Return to work after acquired brain injury: Facilitators and hindrances observed in a sub-acute rehabilitation setting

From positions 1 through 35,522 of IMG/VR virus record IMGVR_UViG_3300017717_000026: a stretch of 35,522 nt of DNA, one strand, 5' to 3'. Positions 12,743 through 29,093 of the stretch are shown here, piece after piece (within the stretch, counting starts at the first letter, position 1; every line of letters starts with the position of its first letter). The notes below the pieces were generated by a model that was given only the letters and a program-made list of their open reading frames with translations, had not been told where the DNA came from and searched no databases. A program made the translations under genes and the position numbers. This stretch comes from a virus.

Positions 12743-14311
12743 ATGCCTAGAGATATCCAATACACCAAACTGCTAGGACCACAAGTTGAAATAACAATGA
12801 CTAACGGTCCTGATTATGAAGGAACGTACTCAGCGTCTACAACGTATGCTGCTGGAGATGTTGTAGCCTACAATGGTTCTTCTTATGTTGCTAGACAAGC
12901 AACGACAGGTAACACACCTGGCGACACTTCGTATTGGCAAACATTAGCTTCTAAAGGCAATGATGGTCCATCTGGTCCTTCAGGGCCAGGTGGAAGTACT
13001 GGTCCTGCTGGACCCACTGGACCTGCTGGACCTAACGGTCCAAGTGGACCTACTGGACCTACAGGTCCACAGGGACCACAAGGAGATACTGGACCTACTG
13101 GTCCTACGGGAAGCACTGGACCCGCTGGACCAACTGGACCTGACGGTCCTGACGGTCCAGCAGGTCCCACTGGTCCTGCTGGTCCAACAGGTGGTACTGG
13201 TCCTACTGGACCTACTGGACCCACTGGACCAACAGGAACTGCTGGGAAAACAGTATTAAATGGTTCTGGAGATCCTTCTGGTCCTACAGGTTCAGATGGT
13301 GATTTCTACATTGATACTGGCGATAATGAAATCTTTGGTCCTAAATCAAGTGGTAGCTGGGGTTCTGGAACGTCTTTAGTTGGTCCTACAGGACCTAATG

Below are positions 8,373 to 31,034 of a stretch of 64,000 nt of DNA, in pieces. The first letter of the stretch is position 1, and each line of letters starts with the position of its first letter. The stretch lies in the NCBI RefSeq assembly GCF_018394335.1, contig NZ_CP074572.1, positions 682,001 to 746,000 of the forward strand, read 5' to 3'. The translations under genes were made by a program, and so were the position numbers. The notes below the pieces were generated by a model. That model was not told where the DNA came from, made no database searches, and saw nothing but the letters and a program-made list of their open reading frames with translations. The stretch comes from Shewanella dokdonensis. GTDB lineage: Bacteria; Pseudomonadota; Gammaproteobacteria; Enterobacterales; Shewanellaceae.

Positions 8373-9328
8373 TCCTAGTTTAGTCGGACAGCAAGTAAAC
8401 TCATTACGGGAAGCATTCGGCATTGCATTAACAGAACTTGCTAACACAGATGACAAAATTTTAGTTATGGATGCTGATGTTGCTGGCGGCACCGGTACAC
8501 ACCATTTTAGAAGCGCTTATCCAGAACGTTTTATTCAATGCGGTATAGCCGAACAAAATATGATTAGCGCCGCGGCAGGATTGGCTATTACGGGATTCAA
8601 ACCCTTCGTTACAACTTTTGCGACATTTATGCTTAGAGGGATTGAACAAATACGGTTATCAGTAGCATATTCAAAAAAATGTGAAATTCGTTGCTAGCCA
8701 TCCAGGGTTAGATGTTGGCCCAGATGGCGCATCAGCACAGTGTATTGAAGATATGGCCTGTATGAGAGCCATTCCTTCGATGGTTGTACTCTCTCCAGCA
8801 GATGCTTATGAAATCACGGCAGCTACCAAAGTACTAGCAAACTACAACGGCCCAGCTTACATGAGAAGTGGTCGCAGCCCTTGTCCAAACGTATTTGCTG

Objectives: There is great variability in the rate of return to work for persons who have suffered from brain injury. The aims of this study was: 1) to describe employment status of persons with stroke or traumatic brain injury, one year after the incident and 2) to investigate the impact of injury/stroke severity, length of stay, the ability to perform activities of daily living and cognitive function on return to work. Participants and Methods: Information was collected from 72 persons; 48 with a diagnosis of stroke and 24 with a traumatic brain injury. All patients had attended to a Rehabilitation Centre with inpatient and outpatient facilities. Data of the above mentioned variables was gathered retrospectively and information about employment status was retrieved from the medical records. Results: After one year, 13 persons (≈ 18%), 5 with a stroke and 8 with a traumatic brain injury (one with mild brain injury, 9 with moderate and 3 persons with severe injuries) had returned to work. They had significantly shorter length of stay at the rehabilitation hospital and were younger than those that did not return to work. Somewhat better results at the neuropsychological screening were seen among those that returned to work, although with a significant difference only in the subscale assessing affect. Some persons with severe injury returned to work, while a majority of those with mild brain injury did not. Conclusion: Traumatic brain injury, younger age and less need of rehabilitation were associated with a higher rate of returning to work. Patients with stroke were older and seem to need more support in order to be successful in work return. It is of importance to reach primary rehabilitation goals, such as being ADL independent, as this was also favourable for work return. The impact of injury severity seemed complex and should to be further explored. Persons with mild brain injury should be followed-up with respect to work return. An important cognitive factor was ability to perceive and express affective responses, reflecting the need of social skills in today's work-life.


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